Earl Lemongrab wrote: Fri Oct 13, 2017 11:40 pm
afan wrote: Fri Oct 13, 2017 7:36 pm Then1% is a formula for calculating the dollar value of the deductible. Once calculated, then the dollar value is the deductible. The deductible would be the same for a claim of $1,000, a claim of $10,000 or a claim of $100,000.
So it's 1% of what figure? The rebuild cost of the house? The market value? I've only had the flat deductibles, so I am curious as to what it's 1% of.
It's 1% of the insured value of the house, i.e., the maximum the insurance company would pay you or spend to rebuild your house if your house was a total loss. That number should be prominently featured on the first page of your HO policy.

Insured value is based on rebuild cost, not market value. Insurance companies have proprietary algorithms they use to determine what that number is. It's based on local conditions, i.e., what it typically costs to build a house like yours in your community at this time. It's an estimate, of course, but nevertheless is usually non-negotiable. You can choose to underinsure, i.e., insure for less than the figure the insurance company says should be the insured value, but at some point you run into that coinsurance penalty that I mentioned up-thread. Usually coinsurance clauses are triggered at 80%, i.e., if you underinsure by more than 20%, the insurance company will penalize you when you file a claim.
I actually over-insured a couple of my properties during the recession. I knew I was paying more than I needed to but I knew what happened during the huge wildland fires that hit San Diego in 2004. You have contractor and material shortages and the prices can go up far more than the 20% buffer allowed by the insurance company. When my agent called me about it (apparently over-insuring is a red flag for arson) I explained why I was doing what I was. Given that we had only filed one claim in 20 years (my husband hit a golf ball and dented a fellow golfer's roof) I gather that we didn't have the typical arsonist's profile.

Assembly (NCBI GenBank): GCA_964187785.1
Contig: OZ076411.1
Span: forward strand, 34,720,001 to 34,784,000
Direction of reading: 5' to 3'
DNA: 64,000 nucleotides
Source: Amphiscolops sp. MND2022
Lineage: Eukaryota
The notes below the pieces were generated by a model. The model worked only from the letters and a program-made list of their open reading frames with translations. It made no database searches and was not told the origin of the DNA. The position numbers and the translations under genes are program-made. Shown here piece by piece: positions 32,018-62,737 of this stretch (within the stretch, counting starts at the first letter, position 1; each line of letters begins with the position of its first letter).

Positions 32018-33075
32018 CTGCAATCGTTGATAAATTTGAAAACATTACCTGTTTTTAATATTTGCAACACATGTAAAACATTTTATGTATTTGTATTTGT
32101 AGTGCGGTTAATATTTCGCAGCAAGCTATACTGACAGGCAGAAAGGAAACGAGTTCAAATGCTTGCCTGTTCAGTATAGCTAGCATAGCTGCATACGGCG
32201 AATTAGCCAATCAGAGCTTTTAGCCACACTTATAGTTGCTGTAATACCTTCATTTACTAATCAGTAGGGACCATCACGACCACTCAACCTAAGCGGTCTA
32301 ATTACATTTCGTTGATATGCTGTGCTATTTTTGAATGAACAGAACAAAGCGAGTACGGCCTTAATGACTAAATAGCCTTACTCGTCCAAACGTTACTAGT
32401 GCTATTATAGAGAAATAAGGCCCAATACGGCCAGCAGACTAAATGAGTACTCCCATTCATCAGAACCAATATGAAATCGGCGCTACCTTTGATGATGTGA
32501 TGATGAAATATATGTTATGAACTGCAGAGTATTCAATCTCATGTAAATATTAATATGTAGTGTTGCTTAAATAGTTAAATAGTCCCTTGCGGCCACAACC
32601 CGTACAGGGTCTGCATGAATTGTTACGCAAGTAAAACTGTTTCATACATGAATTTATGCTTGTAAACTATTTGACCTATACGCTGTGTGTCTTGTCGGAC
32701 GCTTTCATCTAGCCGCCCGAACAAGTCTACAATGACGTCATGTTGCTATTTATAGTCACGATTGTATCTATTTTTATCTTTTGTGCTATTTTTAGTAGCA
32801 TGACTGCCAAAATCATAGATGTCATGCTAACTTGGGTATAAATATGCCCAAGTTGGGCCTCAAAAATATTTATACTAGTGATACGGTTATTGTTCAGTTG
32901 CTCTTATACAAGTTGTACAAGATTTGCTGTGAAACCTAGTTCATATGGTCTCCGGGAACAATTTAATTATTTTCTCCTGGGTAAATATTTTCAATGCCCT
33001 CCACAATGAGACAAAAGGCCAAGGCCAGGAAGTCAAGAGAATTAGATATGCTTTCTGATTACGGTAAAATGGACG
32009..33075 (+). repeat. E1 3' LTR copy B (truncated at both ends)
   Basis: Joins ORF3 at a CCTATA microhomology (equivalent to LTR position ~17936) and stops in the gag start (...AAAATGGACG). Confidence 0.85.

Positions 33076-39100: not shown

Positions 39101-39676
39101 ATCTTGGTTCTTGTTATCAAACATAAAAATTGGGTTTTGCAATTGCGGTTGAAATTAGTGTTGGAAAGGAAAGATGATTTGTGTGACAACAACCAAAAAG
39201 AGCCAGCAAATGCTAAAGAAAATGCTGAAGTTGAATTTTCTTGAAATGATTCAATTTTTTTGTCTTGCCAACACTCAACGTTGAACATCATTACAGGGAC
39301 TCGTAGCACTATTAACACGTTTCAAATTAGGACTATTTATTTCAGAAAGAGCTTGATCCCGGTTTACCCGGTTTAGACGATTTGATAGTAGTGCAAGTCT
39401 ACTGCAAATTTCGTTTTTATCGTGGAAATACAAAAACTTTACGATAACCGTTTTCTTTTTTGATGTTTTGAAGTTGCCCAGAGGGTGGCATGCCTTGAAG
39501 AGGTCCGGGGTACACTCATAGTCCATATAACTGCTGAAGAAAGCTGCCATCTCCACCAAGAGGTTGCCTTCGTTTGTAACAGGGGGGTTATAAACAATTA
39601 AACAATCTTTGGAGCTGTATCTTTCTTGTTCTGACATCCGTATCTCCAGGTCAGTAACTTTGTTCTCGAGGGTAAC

We'll see this play out with the N. California fires. We were already seeing contractor shortages before the fires due to our robust economy. The scale of this destruction is historic. An article in the S.F. Chron stated that it will take 10 years for the area to recover and I believe them.
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dm200
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Re: Thoughts on home insurance and land vs structure value

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Earl Lemongrab wrote: Sat Oct 14, 2017 10:06 am
Rupert wrote: Sat Oct 14, 2017 8:46 am It's 1% of the insured value of the house, i.e., the maximum the insurance company would pay you or spend to rebuild your house if your house was a total loss. That number should be prominently featured on the first page of your HO policy.
That certainly makes that number more important, as it can affect more than just a total loss.
For partial losses, I believe to be fully paid/reimbursed - the house must be insured to something like at least 80% (perhaps more) of replacement value. I felt very comfortable going with the State Farm full replacement (according to their calculator) value using the "middle" quality level.
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Re: Thoughts on home insurance and land vs structure value

Post by GreenGrowTheDollars »

I have a historic home, and the detailed calculations of replacement cost were signficantly higher than for newer homes in my area. Lathe & plaster, 14' ceilings, old windows, .... If the home burned to the ground then I'd have a lot of excess insurance, but the bigger risk (to me) is a significant partial loss, because rebuilding that would require that I meet extensive and expensive standards as well as upgrade quite a few items to current code.

One other observation -- in the big fire in northern San Diego county about 10 years ago, many burned homes even had their concrete slabs/basements destroyed because of the heat. Apparently quite a few insurance company estimates from that time always assumed that your home could be rebuilt on the existing basement/slab. It turned out that a lot of folks were massively underinsured for the losses. I probably over-insure, but I do sleep better.
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Re: Thoughts on home insurance and land vs structure value

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GreenGrowTheDollars wrote: Sat Oct 14, 2017 12:44 pm .

One other observation -- in the big fire in northern San Diego county about 10 years ago, many burned homes even had their concrete slabs/basements destroyed because of the heat. Apparently quite a few insurance company estimates from that time always assumed that your home could be rebuilt on the existing basement/slab. It turned out that a lot of folks were massively underinsured for the losses. I probably over-insure, but I do sleep better.
This is a good point. The heat generated by these firestorms is so great that it wouldn't surprise me if all of the infrastructure normally protected by a concrete slab would have melted/cracked and would have to be replaced as well adding further to the costs.